Wilbur Ross junks Irish property bubble claim with €400m punt
Published 15/06/2014 | 02:30
THE IRISH property market is nowhere near bubble mode, according to influential US investor Wilbur Ross.
Mr Ross, who days ago announced his intention to invest in Irish property after selling off his entire stake in Bank of Ireland, has denied that the market is experiencing unsustainable price rises.
His comments come in contrast to a growing body of data that suggests massive, bubble-like price rises in the capital over the last year.
Estate agents Douglas Newman Good's latest House Price Gauge suggested house prices in the capital have risen by 23pc in the last 12 months as demand exceeded supply.
"It is not remotely at the bubble levels" Mr Ross told the Sunday Independent.
"What is happening is that especially in Dublin and Galway there is more turnover of real estate and the prices have begun to recover from their former extremely depressed levels – but are not yet approaching the old peaks."
The number of homes being bought in cash is "surprising" and indicative of conservative lending policies, he said.
"It is hard to imagine a bubble without reckless lending and there is no sign of that. In the single family home market the loan to value ratios [the amount borrowed in comparison to the total cost of the property] are low, and a surprising number of purchases are all cash. It also is hard to have a bubble without continued over-building, and that does not appear to be happening yet."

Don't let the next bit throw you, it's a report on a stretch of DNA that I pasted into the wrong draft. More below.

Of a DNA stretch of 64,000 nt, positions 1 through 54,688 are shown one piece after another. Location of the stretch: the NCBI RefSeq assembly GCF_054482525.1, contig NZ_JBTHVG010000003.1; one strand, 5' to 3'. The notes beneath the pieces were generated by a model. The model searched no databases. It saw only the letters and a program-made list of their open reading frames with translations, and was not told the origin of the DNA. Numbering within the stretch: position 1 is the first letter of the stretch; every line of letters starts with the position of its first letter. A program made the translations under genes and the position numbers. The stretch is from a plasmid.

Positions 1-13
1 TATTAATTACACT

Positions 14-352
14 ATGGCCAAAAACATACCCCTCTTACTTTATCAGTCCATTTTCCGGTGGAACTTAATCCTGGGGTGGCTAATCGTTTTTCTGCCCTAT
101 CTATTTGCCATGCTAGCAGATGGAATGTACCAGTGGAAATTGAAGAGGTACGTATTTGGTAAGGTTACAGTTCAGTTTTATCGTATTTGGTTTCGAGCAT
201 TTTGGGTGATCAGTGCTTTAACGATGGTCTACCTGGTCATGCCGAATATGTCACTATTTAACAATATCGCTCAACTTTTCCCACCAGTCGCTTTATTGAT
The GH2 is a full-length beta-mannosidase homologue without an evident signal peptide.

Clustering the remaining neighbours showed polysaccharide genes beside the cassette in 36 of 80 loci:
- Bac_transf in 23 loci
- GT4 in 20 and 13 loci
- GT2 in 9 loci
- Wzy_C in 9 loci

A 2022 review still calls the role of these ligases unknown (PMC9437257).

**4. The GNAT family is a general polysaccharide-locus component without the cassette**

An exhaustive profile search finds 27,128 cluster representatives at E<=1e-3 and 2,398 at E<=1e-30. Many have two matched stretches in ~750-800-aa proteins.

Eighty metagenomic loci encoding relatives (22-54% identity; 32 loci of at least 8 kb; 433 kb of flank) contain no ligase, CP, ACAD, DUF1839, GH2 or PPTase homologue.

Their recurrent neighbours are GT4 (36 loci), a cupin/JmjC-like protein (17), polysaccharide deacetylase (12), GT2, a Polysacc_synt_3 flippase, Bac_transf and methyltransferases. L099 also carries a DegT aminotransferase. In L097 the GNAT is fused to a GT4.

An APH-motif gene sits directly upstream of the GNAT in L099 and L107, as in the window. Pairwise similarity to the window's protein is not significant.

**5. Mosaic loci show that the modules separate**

The US billionaire dominated business headlines last week after it emerged he will pocket upwards of €400m in the sale of his stake in Bank of Ireland. His flagship investment fund acquired an interest in the lender in 2010, as part of a consortium of North American investors who bought up 35pc of the bank only months after Ireland signed up to an EU/IMF bailout.
Shares in Bank of Ireland traded at around 10c at that time; Mr Ross sold his stake last week for 26.5c. He also stepped down as a non-executive director, citing EU legislation which prevents a person sitting on the board of more than three banks.
Two days later he unveiled his plan to invest in Irish property. His fund WL Ross and Irish investment house Cardinal Capital have signed a joint venture which aims to raise €400m for residential and commercial property deals.
The joint venture will make "mezzanine finance" investments, a relatively risky form of investment that bridges the gap between a loan and pure equity. A mezzanine provider typically charges interest but unlike traditional lenders is well back in the queue to be repaid if a deal fails.
Discussing the boom-time property bubble, Mr Ross laid the blame on "illogical" decisions which he sees no sign of today. "During the bubble there were a number of large residential developments undertaken in illogical locations where there was no local population growth of any consequence and no reason to expect inbound migration from elsewhere in Ireland or from outside Ireland.
"Many of those projects will revert back to being farmland and never should have been conceived as anything else.
"I do not see such projects springing up at present and doubt they would be financeable in today's environment."
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